1 (edited by Cholangotango Fri, 28 Mar 2014 00:31:26)

Topic: Chemosensativity Assay - Anyone have any experience with this ?

There's a company in Long Beach called Rational Therapeutics, run by Dr. Robert A. Nagourney that does a Chemosensativity Assay based on programmed cell death. I've seen some interesting material from Cigna health treatment review and others, that calls it investigational and doesn't cover it, but actually cites some interesting studies that lead me to believe it might have some predictive merit. One review even says that it might be worth considering for cancers that have few treatment options which definitely is true of CC.

I'd like to bring this and other study info to my dad's next oncologist (current one wont even let me present the material - very closed minded) but was wondering if anyone on this site has any experience with it.

BTW - It's purpose is to test against various chemo agents in vitro to measure chemo cell death rate (should not be confused with similarly named tests from the 70s and 80s that measured growth and were discredited) in order to help guide treatment selection.

Re: Chemosensativity Assay - Anyone have any experience with this ?

Cholangiotango.....I believe that molecular profiling has taken a greater role in determining drug efficacy for our patients. 
Hugs,
Marion

THIS INFORMATION IS NOT INTENDED NOR IMPLIED TO BE A SUBSTITUTE FOR PROFESSIONAL MEDICAL ADVICE. YOU SHOULD ALWAYS SEEK THE ADVICE OF YOUR PHYSICIAN OR OTHER QUALIFIED HEALTH CARE PROVIDER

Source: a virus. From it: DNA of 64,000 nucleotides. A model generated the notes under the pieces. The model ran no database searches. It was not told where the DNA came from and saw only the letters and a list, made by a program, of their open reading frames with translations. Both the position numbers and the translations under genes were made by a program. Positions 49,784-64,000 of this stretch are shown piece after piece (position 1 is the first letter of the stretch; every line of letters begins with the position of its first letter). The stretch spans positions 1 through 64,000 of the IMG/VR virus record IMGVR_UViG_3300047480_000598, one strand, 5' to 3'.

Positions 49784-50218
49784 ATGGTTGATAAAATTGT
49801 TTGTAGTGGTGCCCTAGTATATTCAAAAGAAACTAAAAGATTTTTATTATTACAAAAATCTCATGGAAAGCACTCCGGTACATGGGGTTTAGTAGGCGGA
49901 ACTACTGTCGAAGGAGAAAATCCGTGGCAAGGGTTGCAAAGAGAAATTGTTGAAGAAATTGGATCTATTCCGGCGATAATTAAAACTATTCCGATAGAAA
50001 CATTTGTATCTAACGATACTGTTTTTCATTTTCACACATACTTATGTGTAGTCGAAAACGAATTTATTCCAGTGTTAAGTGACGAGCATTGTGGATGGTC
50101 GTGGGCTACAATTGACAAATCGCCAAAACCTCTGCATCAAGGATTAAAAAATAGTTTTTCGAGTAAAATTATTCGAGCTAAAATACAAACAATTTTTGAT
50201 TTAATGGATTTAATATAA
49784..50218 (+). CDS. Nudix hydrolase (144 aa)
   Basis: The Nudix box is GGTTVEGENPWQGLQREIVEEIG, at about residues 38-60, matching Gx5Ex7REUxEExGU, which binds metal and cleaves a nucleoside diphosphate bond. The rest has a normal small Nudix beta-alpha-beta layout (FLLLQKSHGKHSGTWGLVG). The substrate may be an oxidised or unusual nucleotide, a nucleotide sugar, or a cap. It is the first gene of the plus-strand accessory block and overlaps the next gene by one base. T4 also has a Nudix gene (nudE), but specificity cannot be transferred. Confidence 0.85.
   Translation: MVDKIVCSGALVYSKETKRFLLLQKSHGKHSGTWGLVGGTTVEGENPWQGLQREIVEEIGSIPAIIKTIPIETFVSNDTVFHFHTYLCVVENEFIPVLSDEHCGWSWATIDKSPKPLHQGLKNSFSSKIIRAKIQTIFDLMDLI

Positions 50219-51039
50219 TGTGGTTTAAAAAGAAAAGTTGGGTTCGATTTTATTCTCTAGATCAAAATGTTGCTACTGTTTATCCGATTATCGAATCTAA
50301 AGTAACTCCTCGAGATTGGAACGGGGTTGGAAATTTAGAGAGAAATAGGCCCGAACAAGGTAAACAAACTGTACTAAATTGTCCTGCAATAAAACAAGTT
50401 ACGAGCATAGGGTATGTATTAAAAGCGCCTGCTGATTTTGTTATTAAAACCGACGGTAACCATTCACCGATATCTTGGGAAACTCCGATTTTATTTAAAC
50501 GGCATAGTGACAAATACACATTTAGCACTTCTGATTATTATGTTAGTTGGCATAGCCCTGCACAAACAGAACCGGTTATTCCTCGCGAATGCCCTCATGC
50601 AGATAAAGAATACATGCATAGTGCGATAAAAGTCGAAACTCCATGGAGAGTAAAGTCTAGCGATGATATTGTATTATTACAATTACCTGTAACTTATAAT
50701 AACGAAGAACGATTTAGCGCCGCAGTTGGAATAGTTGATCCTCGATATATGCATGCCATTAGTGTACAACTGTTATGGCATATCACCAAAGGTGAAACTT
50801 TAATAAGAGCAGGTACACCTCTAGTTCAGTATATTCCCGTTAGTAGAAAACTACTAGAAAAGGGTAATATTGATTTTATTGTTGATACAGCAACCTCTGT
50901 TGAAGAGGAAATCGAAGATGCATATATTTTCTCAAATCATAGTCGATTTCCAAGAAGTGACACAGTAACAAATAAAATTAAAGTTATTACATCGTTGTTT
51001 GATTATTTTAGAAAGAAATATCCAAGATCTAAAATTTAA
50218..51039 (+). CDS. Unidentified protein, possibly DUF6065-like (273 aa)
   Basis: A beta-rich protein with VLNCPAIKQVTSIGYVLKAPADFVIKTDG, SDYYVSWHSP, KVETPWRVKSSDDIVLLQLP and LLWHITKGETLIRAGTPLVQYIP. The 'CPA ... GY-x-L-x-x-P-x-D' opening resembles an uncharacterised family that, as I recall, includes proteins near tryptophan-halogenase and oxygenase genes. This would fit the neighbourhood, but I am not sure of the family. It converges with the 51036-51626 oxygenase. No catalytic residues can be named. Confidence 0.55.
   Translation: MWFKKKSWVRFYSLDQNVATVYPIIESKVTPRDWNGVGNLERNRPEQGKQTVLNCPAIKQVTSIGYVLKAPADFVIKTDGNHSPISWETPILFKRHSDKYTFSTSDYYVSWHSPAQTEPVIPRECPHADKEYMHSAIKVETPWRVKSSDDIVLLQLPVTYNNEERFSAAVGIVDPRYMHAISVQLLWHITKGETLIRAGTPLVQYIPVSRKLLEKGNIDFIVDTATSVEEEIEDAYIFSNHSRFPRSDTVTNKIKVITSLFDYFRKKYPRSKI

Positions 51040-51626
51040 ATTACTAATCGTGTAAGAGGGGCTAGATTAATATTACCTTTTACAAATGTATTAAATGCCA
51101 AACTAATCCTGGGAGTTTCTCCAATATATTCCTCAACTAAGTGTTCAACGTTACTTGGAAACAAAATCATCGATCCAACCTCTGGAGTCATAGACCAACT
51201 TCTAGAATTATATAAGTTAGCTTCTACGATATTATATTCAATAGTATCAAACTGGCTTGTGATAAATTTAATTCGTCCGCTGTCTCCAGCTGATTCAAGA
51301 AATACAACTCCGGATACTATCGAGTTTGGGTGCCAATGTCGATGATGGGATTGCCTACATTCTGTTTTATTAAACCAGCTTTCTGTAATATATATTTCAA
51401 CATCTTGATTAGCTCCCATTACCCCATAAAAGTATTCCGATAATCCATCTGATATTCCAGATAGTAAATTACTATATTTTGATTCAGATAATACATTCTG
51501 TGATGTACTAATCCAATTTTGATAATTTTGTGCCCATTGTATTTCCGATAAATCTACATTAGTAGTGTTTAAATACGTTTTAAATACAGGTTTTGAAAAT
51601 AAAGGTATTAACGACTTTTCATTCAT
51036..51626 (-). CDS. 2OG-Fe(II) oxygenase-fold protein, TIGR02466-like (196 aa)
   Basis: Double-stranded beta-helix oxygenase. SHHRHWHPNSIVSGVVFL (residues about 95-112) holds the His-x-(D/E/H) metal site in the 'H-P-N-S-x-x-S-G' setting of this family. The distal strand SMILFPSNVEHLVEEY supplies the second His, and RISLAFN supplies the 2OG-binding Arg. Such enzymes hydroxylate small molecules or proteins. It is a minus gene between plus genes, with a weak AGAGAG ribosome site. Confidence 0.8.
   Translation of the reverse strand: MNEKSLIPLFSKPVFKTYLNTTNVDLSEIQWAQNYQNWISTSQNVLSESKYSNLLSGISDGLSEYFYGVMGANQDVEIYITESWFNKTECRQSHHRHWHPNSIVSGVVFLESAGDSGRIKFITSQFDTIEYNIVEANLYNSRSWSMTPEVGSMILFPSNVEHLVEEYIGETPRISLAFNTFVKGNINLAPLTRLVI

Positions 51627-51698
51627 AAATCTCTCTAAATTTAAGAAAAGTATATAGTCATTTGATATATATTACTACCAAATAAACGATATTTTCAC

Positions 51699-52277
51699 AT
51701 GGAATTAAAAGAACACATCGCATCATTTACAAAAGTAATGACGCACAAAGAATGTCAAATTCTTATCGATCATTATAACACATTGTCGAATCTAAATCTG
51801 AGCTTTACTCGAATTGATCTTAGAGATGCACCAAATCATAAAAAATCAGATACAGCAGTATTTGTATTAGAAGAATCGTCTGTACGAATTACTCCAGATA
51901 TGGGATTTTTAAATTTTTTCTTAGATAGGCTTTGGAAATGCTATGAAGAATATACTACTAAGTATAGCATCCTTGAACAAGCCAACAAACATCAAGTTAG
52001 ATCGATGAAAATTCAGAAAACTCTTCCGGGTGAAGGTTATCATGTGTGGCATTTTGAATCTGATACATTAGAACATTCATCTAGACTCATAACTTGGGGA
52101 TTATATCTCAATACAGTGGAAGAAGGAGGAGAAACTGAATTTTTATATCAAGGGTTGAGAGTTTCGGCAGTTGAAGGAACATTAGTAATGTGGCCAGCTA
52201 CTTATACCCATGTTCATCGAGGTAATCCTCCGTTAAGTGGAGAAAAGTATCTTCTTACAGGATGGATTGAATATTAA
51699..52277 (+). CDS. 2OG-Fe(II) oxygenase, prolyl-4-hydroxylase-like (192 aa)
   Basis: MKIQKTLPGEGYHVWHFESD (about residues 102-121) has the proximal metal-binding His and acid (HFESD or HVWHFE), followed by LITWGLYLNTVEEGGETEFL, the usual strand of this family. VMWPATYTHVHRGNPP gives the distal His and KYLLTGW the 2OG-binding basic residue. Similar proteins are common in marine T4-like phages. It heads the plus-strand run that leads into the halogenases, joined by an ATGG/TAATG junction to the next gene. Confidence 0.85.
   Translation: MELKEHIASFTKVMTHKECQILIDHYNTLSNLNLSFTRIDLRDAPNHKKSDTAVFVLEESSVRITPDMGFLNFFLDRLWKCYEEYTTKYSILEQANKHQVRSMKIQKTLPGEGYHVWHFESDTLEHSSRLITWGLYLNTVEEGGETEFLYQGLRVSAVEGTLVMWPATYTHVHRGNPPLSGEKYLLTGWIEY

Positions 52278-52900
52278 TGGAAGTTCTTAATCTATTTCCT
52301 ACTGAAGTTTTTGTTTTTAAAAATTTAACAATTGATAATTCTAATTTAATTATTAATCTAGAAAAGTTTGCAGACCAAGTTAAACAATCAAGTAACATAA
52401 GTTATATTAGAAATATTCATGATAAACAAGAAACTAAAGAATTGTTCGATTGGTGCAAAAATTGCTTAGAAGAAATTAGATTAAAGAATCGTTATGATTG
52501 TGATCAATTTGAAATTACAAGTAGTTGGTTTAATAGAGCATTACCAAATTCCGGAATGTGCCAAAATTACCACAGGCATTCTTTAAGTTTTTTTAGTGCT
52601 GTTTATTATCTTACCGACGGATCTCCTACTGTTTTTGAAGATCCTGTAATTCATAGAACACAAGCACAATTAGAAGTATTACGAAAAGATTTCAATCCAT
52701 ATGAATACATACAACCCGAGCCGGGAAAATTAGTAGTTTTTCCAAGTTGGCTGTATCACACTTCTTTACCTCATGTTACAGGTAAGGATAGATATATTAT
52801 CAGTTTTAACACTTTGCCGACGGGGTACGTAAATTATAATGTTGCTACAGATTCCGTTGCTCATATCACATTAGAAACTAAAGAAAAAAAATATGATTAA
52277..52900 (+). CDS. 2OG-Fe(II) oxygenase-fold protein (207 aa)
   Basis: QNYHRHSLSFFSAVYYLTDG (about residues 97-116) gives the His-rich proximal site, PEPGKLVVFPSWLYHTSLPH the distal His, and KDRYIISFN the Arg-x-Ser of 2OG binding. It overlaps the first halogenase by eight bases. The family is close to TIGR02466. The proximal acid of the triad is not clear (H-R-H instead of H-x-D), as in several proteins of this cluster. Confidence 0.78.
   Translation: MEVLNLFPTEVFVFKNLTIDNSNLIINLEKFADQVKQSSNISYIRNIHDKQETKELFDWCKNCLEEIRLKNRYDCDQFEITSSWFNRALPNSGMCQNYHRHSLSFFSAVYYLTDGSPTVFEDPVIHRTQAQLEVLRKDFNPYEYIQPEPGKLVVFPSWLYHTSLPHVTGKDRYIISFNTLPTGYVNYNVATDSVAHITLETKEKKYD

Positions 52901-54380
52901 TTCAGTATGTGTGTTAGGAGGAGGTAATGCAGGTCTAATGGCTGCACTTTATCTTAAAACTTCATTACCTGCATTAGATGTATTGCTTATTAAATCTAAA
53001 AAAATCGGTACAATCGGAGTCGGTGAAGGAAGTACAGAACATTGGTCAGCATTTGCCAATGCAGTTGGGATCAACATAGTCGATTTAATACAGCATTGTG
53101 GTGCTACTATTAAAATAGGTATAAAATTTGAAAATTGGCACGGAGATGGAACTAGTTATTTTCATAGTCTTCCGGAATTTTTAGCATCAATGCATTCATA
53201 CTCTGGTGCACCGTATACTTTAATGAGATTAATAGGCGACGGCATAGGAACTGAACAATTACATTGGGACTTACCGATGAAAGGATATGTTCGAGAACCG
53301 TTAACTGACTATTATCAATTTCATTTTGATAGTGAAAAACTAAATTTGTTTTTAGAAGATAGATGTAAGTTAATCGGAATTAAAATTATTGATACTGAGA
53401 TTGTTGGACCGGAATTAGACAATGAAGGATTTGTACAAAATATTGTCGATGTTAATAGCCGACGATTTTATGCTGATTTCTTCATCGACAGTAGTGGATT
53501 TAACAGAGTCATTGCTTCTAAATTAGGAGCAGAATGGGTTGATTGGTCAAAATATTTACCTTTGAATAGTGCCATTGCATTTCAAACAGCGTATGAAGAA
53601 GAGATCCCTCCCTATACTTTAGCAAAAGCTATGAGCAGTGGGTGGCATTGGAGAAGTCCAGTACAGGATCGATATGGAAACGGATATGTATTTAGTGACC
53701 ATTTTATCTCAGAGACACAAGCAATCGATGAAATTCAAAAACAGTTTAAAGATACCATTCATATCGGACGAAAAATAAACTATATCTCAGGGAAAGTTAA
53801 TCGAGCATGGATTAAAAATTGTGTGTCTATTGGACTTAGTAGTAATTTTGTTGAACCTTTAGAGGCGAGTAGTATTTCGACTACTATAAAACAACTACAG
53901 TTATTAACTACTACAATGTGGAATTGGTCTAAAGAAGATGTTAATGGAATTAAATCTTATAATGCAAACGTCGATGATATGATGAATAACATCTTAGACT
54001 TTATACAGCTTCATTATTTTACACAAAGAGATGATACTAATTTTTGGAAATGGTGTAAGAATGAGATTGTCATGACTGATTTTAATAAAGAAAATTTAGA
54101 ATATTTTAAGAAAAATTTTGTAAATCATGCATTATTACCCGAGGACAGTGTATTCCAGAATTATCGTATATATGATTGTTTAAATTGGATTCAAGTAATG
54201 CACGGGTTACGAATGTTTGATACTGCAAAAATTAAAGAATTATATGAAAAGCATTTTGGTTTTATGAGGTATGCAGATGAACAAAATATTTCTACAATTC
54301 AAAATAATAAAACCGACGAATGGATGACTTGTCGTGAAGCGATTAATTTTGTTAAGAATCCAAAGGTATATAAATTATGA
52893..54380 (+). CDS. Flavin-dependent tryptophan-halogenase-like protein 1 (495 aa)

3 (edited by Cholangotango Fri, 28 Mar 2014 09:23:11)

Re: Chemosensativity Assay - Anyone have any experience with this ?

Well, I did some digging and I'm not referring to the similarly named tests from the 70s and 80s (also called Chemosensativity Assays) that measured cancer cell growth. Those have been discredited.  This is different, this test measures programmed cell death, and has some very interesting results, with recent data.

In 2011 a trial compared it against molecular profiling (in this case Cervical cancer) and was found to have been more accurate in directing therapy.

See this:  http://www.translational-medicine.com/content/9/1/94

Also, even though Cigna doesn't cover the test, calling it "Investigational" because there's not enough trial data, they do cite a number of studies and minor trials with very interesting results. They seem to insinuate that it might have merit.  This is why I'm so interested in knowing more. Here's the link to the Cigna review:

http://www.cigna.com/sites/careallies/p … assays.pdf